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The Bruins are dealing with some awful shooting percentage woes

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More than half the players on the roster are having below-average seasons.

Toronto Maple Leafs v Boston Bruins Photo by Maddie Meyer/Getty Images

It feels somewhat like deja vu, writing about the Bruins scoring woes. But after a year in which they finished 5th in the league in scoring, the Bruins are faced with an inability to score. Statistically, the Bruins are all over the place right now. Some numbers say they should be quite good. Other numbers say they should be quite bad.

The most important number (32) has them barely in playoff position, just past the quarter pole of the season.

Consider:

  • The Bruins are first in the NHL in 5v5 CF% at 54.9%. This is very good, and means they are an excellent even strength possession team.
  • The Bruins are 21st in the league in 5v5 GF60 (1.99). This is bad.
  • The Bruins are 27th in the league in PDO, a stat that measures a team’s “luck” by combining team save percentage and team shooting percentage. The idea is that teams will generally regress/rise to 1.000; the Bruins are at 0.982.

The one that stands out the most, however, is shooting percentage.

The Bruins, as a team, are shooting at a 6.88% success rate in all situations; if you narrow it down to 5v5, they’re still 29th in the league at 6.15%; the only team worse (in both situations) is Buffalo.

This could mean plenty of things: the Bruins are having a statistically unlikely run of bad luck; they’re getting plenty of shots and shot attempts, but few of quality; or maybe a combination of the two.

But a look at the individual numbers reveals that the majority of the team is having far below average shooting success thus far this year, offering a glimpse into why the offense has been so anemic.

The numbers below reflect the differential between each player’s career shooting percentage (excluding this year, thanks to Chris Abraham) vs. this season’s shooting percentage; a “+” means he’s shooting better than average this year, while a “-” means he’s shooting worse, by the percentage that follows. These numbers are as of Sunday night, prior to the Montreal game.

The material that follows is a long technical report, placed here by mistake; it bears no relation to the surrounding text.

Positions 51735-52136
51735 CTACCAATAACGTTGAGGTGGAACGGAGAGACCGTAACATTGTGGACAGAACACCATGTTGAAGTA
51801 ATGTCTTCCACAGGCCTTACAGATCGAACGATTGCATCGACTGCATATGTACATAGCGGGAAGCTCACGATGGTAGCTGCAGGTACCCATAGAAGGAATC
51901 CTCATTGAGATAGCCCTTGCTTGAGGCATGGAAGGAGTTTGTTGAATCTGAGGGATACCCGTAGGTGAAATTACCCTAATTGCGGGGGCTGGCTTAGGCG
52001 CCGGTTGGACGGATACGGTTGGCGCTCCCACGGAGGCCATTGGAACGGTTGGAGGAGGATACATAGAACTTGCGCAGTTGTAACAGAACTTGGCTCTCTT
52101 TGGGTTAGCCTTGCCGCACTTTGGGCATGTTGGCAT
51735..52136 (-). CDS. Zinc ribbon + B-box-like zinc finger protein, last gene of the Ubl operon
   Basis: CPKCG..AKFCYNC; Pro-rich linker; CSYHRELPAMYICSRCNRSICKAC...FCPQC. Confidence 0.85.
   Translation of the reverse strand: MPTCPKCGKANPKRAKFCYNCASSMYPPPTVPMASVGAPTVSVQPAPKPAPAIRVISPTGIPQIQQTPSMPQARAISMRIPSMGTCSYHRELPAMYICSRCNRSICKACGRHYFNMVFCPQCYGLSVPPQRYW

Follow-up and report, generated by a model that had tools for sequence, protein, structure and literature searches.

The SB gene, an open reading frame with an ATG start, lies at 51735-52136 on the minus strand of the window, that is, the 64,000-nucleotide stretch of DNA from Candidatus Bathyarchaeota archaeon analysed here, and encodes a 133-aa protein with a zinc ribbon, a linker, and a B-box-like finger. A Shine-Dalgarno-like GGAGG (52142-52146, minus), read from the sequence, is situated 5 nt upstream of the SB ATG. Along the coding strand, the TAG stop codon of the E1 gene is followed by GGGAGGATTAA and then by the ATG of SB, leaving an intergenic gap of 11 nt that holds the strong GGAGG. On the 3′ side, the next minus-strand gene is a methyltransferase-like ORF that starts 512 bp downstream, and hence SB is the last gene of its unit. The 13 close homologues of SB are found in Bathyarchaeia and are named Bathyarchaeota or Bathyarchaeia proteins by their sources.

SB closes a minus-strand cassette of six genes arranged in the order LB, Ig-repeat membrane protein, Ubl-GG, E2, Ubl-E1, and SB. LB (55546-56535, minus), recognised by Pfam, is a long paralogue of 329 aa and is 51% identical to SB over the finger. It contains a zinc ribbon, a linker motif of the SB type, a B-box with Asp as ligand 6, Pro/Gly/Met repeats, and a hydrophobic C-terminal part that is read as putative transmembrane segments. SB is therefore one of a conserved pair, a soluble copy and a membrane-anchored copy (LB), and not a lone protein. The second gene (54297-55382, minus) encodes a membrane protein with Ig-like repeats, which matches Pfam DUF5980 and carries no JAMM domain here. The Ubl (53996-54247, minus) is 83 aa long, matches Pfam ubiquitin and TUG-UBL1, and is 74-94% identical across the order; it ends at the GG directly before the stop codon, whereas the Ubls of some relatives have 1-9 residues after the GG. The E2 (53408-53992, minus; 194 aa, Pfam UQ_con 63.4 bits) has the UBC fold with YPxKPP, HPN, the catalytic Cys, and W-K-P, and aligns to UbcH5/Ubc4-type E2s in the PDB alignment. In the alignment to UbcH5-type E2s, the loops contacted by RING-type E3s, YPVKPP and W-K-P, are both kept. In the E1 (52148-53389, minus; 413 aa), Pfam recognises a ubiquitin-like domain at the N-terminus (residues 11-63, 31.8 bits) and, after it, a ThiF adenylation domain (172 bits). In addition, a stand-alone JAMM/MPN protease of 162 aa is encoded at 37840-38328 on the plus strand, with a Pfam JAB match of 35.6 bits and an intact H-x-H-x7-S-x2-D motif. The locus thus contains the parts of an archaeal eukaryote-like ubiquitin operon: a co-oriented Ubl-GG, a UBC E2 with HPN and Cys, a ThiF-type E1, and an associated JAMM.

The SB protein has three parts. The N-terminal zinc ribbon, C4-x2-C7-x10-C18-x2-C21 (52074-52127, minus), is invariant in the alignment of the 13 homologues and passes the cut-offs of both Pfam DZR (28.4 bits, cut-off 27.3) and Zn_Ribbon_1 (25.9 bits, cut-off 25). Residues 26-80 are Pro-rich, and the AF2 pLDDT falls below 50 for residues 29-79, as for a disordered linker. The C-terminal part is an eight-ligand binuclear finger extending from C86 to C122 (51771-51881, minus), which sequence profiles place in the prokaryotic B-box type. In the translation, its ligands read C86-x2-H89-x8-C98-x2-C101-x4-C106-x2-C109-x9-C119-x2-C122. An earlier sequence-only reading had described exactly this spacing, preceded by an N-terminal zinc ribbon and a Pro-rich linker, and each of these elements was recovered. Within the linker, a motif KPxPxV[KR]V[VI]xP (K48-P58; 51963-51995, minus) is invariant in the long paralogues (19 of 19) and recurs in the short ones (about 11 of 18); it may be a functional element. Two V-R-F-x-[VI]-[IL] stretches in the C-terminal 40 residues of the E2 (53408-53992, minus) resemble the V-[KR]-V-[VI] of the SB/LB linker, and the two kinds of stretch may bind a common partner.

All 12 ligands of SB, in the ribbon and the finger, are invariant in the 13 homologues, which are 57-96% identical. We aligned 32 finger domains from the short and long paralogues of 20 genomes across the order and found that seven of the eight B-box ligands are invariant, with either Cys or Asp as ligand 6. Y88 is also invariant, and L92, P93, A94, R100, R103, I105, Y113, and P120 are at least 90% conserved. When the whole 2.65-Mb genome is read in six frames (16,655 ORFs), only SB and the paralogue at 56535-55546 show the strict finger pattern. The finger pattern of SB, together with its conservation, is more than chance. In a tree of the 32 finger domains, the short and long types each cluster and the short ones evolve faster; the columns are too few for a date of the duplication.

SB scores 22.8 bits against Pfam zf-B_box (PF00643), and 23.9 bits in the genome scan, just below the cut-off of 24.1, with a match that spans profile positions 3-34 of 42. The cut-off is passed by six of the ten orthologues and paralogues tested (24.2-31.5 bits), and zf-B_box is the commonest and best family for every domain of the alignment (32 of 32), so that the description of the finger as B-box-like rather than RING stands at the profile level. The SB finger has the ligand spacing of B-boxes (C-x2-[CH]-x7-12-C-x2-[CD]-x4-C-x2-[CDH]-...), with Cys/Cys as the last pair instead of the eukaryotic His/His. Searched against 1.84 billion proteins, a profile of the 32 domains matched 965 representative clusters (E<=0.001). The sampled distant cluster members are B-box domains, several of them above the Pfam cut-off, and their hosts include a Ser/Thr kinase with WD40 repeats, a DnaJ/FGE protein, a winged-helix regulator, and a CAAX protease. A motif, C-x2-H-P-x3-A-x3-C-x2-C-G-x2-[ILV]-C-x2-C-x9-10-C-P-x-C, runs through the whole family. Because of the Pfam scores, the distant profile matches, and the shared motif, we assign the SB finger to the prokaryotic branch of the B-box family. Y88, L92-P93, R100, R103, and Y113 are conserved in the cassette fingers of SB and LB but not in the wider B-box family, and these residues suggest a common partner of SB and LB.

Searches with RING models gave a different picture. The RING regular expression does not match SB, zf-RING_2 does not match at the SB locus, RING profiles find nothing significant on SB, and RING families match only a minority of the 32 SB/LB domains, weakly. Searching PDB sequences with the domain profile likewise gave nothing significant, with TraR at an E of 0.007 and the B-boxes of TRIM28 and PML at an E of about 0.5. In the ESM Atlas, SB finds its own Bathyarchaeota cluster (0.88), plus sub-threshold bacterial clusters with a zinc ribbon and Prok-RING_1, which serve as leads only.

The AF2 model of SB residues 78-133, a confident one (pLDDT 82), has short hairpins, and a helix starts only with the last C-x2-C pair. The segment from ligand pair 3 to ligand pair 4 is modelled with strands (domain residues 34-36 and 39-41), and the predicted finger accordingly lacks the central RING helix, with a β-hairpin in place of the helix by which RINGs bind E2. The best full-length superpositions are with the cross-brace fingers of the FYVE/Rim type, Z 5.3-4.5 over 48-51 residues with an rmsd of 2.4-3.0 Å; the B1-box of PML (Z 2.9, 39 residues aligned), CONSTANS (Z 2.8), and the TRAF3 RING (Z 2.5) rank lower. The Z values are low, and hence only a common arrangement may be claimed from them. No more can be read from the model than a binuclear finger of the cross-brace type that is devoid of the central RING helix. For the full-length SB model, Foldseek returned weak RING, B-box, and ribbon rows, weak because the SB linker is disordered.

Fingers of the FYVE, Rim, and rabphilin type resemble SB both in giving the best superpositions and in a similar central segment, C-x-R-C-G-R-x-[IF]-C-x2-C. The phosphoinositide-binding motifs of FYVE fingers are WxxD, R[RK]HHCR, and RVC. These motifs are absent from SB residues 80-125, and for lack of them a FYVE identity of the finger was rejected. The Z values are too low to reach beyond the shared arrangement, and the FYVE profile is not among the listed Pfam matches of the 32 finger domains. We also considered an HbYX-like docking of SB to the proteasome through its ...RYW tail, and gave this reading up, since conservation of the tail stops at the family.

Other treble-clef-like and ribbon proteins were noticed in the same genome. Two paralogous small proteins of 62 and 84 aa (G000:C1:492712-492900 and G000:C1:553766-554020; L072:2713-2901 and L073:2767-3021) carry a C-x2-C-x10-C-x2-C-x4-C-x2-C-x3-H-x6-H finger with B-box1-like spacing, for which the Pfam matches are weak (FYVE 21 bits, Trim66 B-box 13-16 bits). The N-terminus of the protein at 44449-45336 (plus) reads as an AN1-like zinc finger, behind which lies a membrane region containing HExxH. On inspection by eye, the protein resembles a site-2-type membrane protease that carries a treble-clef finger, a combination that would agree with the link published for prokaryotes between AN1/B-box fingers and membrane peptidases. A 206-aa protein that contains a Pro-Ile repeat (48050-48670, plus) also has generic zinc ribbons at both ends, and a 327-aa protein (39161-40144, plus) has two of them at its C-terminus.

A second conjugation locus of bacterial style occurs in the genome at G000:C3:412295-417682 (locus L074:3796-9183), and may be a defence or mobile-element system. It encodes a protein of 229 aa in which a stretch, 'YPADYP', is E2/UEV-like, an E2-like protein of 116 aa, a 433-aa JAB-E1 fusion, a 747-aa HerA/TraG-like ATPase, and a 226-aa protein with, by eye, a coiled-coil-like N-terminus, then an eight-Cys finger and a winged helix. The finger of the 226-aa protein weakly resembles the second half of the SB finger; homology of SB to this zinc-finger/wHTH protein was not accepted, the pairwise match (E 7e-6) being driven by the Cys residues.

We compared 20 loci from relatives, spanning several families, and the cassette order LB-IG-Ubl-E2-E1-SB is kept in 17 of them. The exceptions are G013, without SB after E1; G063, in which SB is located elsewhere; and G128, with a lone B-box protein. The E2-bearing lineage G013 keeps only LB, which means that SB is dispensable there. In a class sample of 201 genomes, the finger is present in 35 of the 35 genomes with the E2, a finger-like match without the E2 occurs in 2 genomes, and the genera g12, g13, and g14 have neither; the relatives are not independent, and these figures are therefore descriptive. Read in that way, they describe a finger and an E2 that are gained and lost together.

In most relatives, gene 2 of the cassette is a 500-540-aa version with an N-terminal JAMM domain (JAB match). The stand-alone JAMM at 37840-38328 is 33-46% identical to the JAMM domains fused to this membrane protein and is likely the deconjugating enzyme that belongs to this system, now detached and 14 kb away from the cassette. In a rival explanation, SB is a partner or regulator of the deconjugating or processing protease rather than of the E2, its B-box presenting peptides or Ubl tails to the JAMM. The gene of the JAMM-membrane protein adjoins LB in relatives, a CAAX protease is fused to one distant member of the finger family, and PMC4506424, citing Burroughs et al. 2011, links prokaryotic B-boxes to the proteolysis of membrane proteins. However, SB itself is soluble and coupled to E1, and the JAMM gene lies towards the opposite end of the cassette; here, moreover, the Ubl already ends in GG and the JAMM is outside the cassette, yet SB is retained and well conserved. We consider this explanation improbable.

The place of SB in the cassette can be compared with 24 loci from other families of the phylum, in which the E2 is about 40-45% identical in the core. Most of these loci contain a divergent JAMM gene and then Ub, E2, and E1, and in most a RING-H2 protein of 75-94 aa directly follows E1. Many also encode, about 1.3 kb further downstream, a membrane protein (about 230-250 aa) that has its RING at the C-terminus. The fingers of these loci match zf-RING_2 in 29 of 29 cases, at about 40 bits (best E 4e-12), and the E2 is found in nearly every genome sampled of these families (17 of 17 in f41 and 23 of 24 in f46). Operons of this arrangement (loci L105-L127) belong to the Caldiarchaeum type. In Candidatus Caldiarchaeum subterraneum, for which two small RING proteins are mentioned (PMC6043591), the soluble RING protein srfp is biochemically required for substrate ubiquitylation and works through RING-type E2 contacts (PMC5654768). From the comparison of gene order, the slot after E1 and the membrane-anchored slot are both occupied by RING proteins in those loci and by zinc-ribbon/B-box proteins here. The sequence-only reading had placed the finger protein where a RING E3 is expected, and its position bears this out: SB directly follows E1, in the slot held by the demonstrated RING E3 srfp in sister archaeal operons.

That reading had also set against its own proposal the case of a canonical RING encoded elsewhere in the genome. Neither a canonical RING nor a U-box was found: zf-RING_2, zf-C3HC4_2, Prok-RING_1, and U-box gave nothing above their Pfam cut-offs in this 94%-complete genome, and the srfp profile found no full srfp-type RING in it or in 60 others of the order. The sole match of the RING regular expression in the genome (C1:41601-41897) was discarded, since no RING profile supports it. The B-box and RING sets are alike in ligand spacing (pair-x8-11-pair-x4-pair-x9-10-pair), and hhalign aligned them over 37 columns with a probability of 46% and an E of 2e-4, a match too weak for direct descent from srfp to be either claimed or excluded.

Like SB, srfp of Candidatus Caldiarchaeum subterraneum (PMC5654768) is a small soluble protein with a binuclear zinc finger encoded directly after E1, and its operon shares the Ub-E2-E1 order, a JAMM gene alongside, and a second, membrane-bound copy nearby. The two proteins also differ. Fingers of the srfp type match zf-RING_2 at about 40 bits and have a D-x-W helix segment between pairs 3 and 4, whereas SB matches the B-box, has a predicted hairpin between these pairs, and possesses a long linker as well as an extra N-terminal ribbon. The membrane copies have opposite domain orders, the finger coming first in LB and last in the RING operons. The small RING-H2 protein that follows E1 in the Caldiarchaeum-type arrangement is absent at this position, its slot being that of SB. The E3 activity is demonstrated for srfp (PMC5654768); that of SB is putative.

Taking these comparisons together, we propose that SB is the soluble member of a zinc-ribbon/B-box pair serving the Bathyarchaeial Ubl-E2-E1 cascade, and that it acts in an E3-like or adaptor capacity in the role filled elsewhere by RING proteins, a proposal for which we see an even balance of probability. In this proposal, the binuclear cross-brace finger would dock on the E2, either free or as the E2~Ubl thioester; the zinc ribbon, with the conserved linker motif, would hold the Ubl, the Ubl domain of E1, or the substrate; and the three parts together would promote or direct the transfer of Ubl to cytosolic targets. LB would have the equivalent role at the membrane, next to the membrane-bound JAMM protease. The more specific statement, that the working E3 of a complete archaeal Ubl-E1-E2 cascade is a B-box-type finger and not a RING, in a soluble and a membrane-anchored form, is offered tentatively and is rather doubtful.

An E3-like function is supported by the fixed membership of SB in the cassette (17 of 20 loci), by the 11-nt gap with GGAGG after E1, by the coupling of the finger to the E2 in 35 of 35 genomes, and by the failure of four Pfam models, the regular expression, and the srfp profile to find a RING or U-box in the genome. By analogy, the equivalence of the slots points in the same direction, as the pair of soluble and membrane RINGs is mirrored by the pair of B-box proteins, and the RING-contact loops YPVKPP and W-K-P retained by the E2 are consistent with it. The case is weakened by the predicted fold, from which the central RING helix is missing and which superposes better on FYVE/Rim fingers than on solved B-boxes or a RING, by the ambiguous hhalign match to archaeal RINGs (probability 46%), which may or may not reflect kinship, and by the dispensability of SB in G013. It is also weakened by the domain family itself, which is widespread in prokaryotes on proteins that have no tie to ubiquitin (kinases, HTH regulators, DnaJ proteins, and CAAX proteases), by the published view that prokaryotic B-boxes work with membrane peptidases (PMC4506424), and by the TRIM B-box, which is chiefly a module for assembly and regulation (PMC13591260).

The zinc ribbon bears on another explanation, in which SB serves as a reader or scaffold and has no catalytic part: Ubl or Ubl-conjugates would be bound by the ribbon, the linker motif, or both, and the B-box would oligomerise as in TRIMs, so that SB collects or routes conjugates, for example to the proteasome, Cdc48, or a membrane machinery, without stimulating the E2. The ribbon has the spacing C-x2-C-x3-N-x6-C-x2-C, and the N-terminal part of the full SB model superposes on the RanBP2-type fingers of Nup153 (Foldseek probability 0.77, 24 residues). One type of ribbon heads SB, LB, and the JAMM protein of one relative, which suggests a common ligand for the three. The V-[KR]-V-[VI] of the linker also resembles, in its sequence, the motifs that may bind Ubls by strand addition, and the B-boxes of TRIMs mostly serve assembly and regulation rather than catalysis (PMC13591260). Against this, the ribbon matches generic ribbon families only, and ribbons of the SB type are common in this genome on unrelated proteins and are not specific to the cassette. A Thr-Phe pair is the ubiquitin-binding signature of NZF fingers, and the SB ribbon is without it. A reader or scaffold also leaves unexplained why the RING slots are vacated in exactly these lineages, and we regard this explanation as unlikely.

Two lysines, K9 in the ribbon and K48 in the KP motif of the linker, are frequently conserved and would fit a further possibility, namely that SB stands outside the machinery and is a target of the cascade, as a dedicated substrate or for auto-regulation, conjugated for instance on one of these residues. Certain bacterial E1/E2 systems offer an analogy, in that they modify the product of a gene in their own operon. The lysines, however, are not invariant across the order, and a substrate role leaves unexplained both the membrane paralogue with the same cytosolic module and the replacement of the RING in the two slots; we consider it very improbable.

Above average

  • Dominic Moore: +14.59%
  • David Pastrnak: +10.64%
  • Tim Schaller: +4.11%
  • Colin Miller: +0.80%

Below average

  • Jimmy Hayes: -9.31%
  • Riley Nash: -8.04%
  • John-Michael Liles: -6.33%
  • Kevan Miller: -5.63%
  • Patrice Bergeron: -5.52%
  • Brad Marchand: -5.17%
  • Matt Beleskey: -5.15%
  • David Krejci: -4.83%
  • Adam McQuaid: -3.68%
  • Torey Krug: -3.53%
  • Zdeno Chara: -3.18%
  • Joe Morrow: -3.13%
  • Ryan Spooner: -1.91%
  • David Backes: -0.62%

Some of these numbers are impacted by the powerplay being as impotent as it has been (27th in goals for per 60 minutes this year), but even expanding the sample size to all shot attempts, and limiting it to just 5on5 situations (this also limits the sample size from 2007 onward, since the NHL did not track these differences until then) this doesn’t make the Bruins look much better

David Pastrnak 7.14%

Dominic Moore 5.20%

Tim Schaller 1.39%

Just three Bruins are shooting better than their averages, with the rest shooting below

David Backes -0.17%

Colin Miller -1.11%

Ryan Spooner -1.46%

John-michael Liles -1.51%

Adam Mcquaid -1.64%

Kevan Miller -1.66%

Zdeno Chara -1.88%

David Krejci -2.05%

Joe Morrow -2.17%

Torey Krug -2.21%

Patrice Bergeron -2.25%

Matt Beleskey -2.39%

Brad Marchand -2.40%

Riley Nash -5.04%

Jimmy Hayes -5.54%

Yeeeeesh. A lot of names high on that minus list are the guys who have heard whispers (or shouts) of “underperforming” this year. Goal scoring wise, some players don’t deserve it.

Hayes, long a whipping boy because fans don’t like that a guy his size doesn’t hit/fight, has 42 shots on goal this season; if he was shooting at his career average, he’d have 5 goals, a far more respectable total than his lone tally.

Averages, of course, are going to change, and it’s not fair to say Hayes would “definitely” have those five goals in a normal year. Still, it’s worth considering that Hayes’ struggles, while frustrating, represent a highly unlikely result that will probably correct itself over time (be it here or elsewhere).

Bergeron is in a similar boat. Playing injured probably hasn’t helped, but Bergeron has 87 shots and shoots slightly above 10% for his career. That would double his goal total from 4 to 8, taking some of the heat off of Bergeron’s shoulders.

Equally disconcerting is what David Pastrnak is doing. While everyone has been electrified by what the kid has done so far this year, he’s not shooting around 30% for the rest of the season.

Pastrnak’s hot streak has been keeping the Bruins afloat; they need other guys to snap out of it before he comes back to Earth, or the hard times will continue.

So...now what?

The shooting percentage numbers paint the picture of an incredibly frustrated team, one that’s really struggling to put the puck in the net.

However, the numbers say that for most of these guys, the pucks should start going in at some point. The Bruins are in a pretty good spot in terms of possession #s, and with a low PDO, they should progress in terms of team-wide shooting percentage soon.

The main takeaway: patience.

Yes, the Bruins need a top-4 defenseman. They could use another top-6 forward.

But if you believe in the numbers, things should start to even out soon. For some teams, that’s not necessarily a good thing; for the Bruins, it should mean better fortunes.